Russian Automotive manufacture Moscow, Russia From 1936 to 1956
the luxury limousine of the Soviet Union, the Zis was limited to a few designs during its 20 year span.
The factory had originally been called the AMO Works, producing model F-15 trucks, but was rebuilt and named after Stalin during the first Five Year Plan in 1928.
beginning with the Model 101 which had the general configuration of a large American sedan of the mid-1930s.
Little was reported about the specifications of these cars, but it is known that the engine was strongly influenced by the Buick straight-8 and had an estimated capacity of 5.8 litres, Transmission was 3-speed with synchromesh, and suspension was by semi-elliptic springs at front and rear.
As the Stalin Works operated on a special order basis for the government, the
Cars were in reality custom made. It has been calculated that probably no more than two a day were turned out, implying a high production cost per unit.
Zis cars were reserved for officials or professional men with high positions in the soviet Union, A general face-lifting was accomplished on the Model 102 introduced about 1940, This machine was built as an open touring car as well as a limousine and appeared frequently in Moscow parades.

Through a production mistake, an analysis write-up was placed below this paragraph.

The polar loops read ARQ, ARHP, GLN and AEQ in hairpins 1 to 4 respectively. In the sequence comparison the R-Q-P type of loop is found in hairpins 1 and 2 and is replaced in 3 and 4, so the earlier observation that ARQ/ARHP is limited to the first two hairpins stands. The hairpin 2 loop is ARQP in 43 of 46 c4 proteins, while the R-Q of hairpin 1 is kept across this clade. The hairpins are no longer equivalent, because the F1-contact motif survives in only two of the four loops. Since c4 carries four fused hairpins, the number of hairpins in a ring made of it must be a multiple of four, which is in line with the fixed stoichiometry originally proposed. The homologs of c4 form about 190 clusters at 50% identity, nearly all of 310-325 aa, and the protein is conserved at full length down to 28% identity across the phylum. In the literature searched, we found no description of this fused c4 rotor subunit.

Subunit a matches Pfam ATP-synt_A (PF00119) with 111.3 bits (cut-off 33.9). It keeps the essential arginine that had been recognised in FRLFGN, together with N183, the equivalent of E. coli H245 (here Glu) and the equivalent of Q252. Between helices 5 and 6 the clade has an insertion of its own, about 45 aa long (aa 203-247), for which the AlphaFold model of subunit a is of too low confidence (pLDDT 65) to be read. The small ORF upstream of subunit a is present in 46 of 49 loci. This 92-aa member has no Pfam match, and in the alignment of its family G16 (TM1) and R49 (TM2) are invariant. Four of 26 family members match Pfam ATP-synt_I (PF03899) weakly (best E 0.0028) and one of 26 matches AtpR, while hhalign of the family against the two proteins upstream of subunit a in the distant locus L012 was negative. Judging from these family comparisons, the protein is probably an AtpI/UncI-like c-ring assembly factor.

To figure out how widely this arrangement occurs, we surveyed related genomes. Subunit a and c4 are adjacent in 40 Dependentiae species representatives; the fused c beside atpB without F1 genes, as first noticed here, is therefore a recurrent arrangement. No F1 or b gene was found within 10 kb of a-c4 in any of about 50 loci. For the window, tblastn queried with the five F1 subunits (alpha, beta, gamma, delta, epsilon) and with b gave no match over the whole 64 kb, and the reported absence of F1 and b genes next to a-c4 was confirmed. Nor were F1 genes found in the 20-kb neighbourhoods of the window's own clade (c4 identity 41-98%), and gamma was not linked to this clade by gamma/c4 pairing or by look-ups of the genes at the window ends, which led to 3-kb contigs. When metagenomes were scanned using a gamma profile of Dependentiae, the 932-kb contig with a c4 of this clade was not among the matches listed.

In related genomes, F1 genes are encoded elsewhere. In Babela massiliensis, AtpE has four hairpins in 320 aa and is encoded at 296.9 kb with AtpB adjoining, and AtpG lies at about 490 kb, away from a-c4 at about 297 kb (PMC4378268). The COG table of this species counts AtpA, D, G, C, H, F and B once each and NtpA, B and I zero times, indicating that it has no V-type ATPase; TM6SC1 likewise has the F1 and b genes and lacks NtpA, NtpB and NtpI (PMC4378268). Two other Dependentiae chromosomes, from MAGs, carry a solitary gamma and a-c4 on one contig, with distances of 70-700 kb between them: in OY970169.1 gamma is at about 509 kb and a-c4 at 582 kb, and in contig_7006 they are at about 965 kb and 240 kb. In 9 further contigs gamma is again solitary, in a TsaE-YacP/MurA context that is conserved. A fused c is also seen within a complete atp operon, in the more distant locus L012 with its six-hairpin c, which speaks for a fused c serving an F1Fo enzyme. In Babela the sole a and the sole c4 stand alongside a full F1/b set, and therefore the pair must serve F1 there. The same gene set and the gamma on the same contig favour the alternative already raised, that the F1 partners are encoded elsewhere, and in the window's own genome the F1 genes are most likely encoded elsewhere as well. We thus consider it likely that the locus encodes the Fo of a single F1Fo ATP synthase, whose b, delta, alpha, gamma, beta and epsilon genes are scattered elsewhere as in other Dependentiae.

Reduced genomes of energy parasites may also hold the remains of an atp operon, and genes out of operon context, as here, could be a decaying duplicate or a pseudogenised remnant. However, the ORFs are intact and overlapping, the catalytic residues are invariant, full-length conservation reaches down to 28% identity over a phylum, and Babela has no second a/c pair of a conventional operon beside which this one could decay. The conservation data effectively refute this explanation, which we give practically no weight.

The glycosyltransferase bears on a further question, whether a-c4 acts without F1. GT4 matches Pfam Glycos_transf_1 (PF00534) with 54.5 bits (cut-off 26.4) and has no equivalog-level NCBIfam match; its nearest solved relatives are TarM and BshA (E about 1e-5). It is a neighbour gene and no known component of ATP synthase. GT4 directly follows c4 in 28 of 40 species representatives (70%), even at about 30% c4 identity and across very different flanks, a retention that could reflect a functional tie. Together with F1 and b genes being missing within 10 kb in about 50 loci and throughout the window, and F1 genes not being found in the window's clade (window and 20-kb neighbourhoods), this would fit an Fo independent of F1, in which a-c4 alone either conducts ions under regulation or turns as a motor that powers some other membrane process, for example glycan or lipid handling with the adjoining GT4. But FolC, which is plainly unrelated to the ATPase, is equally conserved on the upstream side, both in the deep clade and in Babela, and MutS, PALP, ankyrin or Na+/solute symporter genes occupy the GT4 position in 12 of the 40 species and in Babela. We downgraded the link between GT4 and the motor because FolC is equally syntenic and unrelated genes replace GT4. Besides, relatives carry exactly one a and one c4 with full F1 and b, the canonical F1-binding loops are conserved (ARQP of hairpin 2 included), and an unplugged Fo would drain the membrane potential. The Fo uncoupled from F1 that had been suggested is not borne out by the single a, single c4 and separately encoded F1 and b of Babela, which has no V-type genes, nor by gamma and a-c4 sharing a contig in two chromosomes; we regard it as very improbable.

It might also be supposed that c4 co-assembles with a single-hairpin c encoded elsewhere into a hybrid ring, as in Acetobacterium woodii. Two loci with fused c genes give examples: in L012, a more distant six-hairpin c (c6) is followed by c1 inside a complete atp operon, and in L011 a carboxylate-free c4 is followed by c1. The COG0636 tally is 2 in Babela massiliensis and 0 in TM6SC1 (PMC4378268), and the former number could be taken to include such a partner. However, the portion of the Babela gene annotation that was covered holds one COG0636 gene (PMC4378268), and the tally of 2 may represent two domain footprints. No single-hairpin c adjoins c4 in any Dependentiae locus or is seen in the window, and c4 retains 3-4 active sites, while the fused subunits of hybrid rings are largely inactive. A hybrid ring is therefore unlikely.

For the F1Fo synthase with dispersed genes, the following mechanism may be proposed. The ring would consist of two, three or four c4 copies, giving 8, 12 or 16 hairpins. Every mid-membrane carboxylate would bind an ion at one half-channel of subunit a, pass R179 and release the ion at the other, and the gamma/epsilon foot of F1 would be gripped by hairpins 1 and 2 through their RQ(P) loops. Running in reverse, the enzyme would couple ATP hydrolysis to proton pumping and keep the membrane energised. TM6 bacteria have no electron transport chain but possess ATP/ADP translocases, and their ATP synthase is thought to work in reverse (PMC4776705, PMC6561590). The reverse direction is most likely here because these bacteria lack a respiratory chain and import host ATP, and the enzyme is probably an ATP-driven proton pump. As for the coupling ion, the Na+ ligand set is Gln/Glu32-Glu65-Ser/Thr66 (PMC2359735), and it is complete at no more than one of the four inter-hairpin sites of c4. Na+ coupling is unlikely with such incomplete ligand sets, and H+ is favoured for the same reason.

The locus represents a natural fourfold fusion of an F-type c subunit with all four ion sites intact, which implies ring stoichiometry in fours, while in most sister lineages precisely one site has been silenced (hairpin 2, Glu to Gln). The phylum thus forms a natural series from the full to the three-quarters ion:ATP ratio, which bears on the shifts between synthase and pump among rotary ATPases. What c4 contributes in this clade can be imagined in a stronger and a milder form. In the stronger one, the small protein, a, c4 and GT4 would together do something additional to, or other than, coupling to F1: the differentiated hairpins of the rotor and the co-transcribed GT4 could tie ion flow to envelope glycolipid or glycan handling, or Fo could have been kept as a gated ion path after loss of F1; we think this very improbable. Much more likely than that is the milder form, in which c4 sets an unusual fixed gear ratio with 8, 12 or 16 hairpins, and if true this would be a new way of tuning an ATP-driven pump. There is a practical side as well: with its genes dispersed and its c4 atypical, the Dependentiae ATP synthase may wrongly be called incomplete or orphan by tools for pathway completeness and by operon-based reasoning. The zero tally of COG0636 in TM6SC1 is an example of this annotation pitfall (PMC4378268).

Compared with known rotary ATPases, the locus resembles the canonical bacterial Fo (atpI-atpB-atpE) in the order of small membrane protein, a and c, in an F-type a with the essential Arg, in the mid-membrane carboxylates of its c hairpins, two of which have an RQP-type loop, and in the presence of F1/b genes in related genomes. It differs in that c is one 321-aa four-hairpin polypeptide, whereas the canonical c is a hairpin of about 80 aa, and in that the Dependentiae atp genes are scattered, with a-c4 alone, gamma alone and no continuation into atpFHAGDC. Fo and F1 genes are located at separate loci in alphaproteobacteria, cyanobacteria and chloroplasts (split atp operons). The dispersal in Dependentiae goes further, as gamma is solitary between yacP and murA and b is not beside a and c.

ZIS 102 open touring car
The German invasion of 1941 interrupted Zis car manufacture, but it is reported that as early as 1942 plans were made for the post-war Model 110. This
appeared at the end of 1945 and was very similar to the Packard Series 180: Packard dies had been purchased from Briggs in Detroit by a Russian trade delegation, and these were skilfully adapted to the proposed 110, thereby greatly reducing the time required to bring out the new design.
1950s ZIS 110
The Model 110 had an 8-cylinder, 137bhp sv engine driving through a 3-speed synchromesh gearbox. Standard equipment included power windows and folding occasional seats. Maximum speed was about 90mph with a fuel consumption of 10mpg. Some tourers and a number of ambulances were built on the 110 chassis in addition to the limousines.
The Model 115 is a armored version of the ZIS-110, designed and built especially for Joseph Stalin. The heavily armored car weighed over 4 tons.
In 1956, the ZIS factory was renamed ZIL (Zavod Imieni Likhacheva) in honour of Ivan A. Likhachev, the former director of the plant and a pioneer in
experimental car construction after the Revolution, Apparently consideration Was given to the manufacture of an 8-cylinder, seven-seater limousine called
the Moskva during this transitional period, but this was built only as a prototype and abandoned.
Because of the change in factory name, the Zis became known as the Zil.
Zis Moskva prototype 1956